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Lessons from Emin Boztepe

By Ray Van Raamsdonk

There is no magic or mystery, just a lot of hard work. Most people are too lazy to get good.

It isn't the number of years you have practiced but the number of hours you have put into those years.

If you want to learn to punch, you must punch a lot. If you want to learn to kick, you must kick a lot.

Emin practiced:

  • 2 hours straight rolling
  • 35 minutes FULL POWER punching against a bag
  • 7 hours straight on the wooden dummy
  • 2 hours straight with 3 actions on the pole: bring it down, bring it up, poke
  • 6 hours a day regularly
Note: that's why he is so good. Those people who think they will get good in 6 months just learning his system without putting in the work are dreamers. Even in the Wang Kiu line, one student practiced seven years straight only charging in (fast closing skills).

The key to making Wing Tsun work is the footwork. Therefore every practice should involve shifting (turning), and stepping footwork.

The proper Wing Tsun stance has 100% of the weight on the rear leg. The pelvis is tilted in. The front leg is springy and can't be swept. The knees are close so that a kick can't get in. (this was the forward stance description).

Getting into kicks is a matter of timing, which comes from a lot of practice against kicks. Start with the easy ones.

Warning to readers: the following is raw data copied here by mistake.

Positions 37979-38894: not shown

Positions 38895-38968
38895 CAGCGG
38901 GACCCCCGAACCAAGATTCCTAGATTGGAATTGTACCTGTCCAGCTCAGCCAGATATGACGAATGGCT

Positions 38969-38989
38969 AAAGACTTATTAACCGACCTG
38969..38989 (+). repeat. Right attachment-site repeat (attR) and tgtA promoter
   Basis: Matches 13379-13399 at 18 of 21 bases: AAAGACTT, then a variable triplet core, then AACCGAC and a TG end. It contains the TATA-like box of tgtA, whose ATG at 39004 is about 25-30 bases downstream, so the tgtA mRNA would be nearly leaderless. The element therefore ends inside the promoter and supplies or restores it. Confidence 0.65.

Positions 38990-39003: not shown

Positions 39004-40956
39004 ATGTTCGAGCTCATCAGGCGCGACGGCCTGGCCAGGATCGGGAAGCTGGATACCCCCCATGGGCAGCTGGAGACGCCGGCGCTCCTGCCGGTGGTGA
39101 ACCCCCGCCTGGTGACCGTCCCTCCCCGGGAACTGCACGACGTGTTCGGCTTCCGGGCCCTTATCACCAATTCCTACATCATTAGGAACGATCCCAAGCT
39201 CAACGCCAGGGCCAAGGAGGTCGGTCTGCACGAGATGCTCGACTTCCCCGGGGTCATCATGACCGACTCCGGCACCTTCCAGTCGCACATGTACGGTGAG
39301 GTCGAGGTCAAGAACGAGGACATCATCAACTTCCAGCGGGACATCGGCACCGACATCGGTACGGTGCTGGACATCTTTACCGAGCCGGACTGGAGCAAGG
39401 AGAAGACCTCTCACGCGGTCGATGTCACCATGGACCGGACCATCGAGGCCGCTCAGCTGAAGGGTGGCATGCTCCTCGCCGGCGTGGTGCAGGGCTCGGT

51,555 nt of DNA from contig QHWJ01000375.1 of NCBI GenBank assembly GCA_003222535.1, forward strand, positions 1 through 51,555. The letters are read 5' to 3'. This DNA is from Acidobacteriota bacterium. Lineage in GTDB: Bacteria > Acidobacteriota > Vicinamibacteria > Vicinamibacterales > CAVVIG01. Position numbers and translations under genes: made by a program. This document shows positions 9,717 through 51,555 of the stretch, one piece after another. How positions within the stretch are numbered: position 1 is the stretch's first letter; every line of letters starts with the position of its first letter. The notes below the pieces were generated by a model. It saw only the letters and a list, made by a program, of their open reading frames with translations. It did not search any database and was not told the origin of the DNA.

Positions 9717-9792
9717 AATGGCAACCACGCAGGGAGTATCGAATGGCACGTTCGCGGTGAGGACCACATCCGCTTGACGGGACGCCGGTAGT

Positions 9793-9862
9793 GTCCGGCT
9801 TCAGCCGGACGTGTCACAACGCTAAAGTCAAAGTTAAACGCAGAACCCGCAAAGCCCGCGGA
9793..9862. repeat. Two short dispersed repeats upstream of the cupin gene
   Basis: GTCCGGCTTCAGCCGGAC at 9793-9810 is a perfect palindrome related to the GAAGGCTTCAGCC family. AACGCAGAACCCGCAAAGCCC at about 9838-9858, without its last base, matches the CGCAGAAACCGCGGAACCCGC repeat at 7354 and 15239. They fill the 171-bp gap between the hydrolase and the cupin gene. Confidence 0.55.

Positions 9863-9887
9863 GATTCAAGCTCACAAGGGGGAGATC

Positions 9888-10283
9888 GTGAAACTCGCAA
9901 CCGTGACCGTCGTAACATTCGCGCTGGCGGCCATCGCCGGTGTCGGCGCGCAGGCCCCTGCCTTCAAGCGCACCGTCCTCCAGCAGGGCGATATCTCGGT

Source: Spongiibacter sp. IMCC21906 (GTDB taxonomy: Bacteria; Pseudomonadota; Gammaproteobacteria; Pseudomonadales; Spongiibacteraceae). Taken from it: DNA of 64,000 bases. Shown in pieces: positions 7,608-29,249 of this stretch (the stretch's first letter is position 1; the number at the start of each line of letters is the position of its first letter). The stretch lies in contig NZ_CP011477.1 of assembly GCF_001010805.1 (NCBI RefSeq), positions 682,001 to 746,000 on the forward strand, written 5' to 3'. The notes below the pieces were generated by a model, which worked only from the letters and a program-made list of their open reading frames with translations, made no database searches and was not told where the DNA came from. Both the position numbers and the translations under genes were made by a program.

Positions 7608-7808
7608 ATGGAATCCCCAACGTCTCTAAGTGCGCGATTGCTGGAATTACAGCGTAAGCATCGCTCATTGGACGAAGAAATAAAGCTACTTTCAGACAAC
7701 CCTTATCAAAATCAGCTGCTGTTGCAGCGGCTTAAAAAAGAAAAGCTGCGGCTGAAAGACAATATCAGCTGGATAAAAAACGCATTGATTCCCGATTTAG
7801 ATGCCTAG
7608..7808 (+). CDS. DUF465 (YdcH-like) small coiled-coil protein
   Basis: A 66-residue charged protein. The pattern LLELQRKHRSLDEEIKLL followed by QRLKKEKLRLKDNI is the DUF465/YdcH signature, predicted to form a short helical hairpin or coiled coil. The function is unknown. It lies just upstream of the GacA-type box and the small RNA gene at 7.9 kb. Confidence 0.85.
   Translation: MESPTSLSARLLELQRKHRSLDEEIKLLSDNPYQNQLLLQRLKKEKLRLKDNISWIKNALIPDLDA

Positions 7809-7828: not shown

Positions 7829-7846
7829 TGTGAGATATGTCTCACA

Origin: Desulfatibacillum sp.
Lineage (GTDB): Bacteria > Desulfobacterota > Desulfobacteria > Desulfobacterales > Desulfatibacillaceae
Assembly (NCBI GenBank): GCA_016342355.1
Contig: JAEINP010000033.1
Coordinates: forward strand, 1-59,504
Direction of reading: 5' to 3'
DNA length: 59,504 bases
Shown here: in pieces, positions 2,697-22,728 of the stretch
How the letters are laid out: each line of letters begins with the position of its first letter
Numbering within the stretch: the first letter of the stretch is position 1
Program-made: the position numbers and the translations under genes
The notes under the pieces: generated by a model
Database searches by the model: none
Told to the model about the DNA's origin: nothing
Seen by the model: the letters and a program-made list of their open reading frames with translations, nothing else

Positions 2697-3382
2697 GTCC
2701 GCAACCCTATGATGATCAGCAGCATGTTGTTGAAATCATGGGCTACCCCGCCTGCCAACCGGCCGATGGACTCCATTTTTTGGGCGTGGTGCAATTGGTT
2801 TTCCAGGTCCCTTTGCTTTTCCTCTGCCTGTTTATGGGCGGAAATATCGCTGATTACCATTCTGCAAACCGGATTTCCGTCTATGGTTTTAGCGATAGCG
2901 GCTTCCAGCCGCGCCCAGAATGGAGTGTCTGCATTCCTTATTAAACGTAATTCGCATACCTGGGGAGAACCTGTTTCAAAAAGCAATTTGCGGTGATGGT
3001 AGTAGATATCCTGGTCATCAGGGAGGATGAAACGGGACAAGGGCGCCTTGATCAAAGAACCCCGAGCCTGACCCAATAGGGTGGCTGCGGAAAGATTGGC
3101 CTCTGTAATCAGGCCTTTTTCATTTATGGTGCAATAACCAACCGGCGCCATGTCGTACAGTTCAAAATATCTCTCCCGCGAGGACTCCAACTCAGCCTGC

Wing Tsun does not use the backwards step. Stay there, go forward, or turn.

When a force comes, we don't interfere with the path of that force. We use a swift intercepting force and turning of the body to neutralize the force. The second set of Wing Tsun teaches the appropriate footwork. The direction you turn depends on the direction of the force.

You don't plan which action you'll take. You have to feel how the force is coming. Imagine a stick floating down the river and that stick hits a rock. The stick will get deflected in some direction which could not be predicted beforehand. Similarly when a punch comes in, we receive that force and that force makes our body react and change to an appropriate Wing Tsun structure like Bong sau or Tan sau.

Wing Tsun has no blocks or deflections but only temporary transition points. This Bong sau only occurs for an instant and then changes to an attack.

When you punch, you relax everything so that eventually you can transmit the power from the ground and all the joints in your body to your fist. As soon as you tighten something, you are blocking power.

The showmanship one inch punch sends you flying. The real one inch punch will drop you on the spot.

Don't forcefully deflect punches with the Bong sau or else you are doing Karate using Wing Chun shapes.

To learn feeling, one partner feeds the other force, then they react with Bong sau, Tan sau, Fook sau, Chum sau etc.

The arm is like a spring with the same pressure always. If you push on the Bong sau, you are compressing a spring. When you release the pressure, the spring snaps into your face.

Every kind of strike is powerful in Wing Tsun.

Once you attack, there are fists, elbows, knees, ... everything comes at high speed.

You need an organized training system or else little progress will result.

The Wing Tsun system has numerous innovative training procedures which slowly bring the student up to the level of being able to handle any of today's styles of martial art. But again it is the students hard work and not some secret techniques which brings results.


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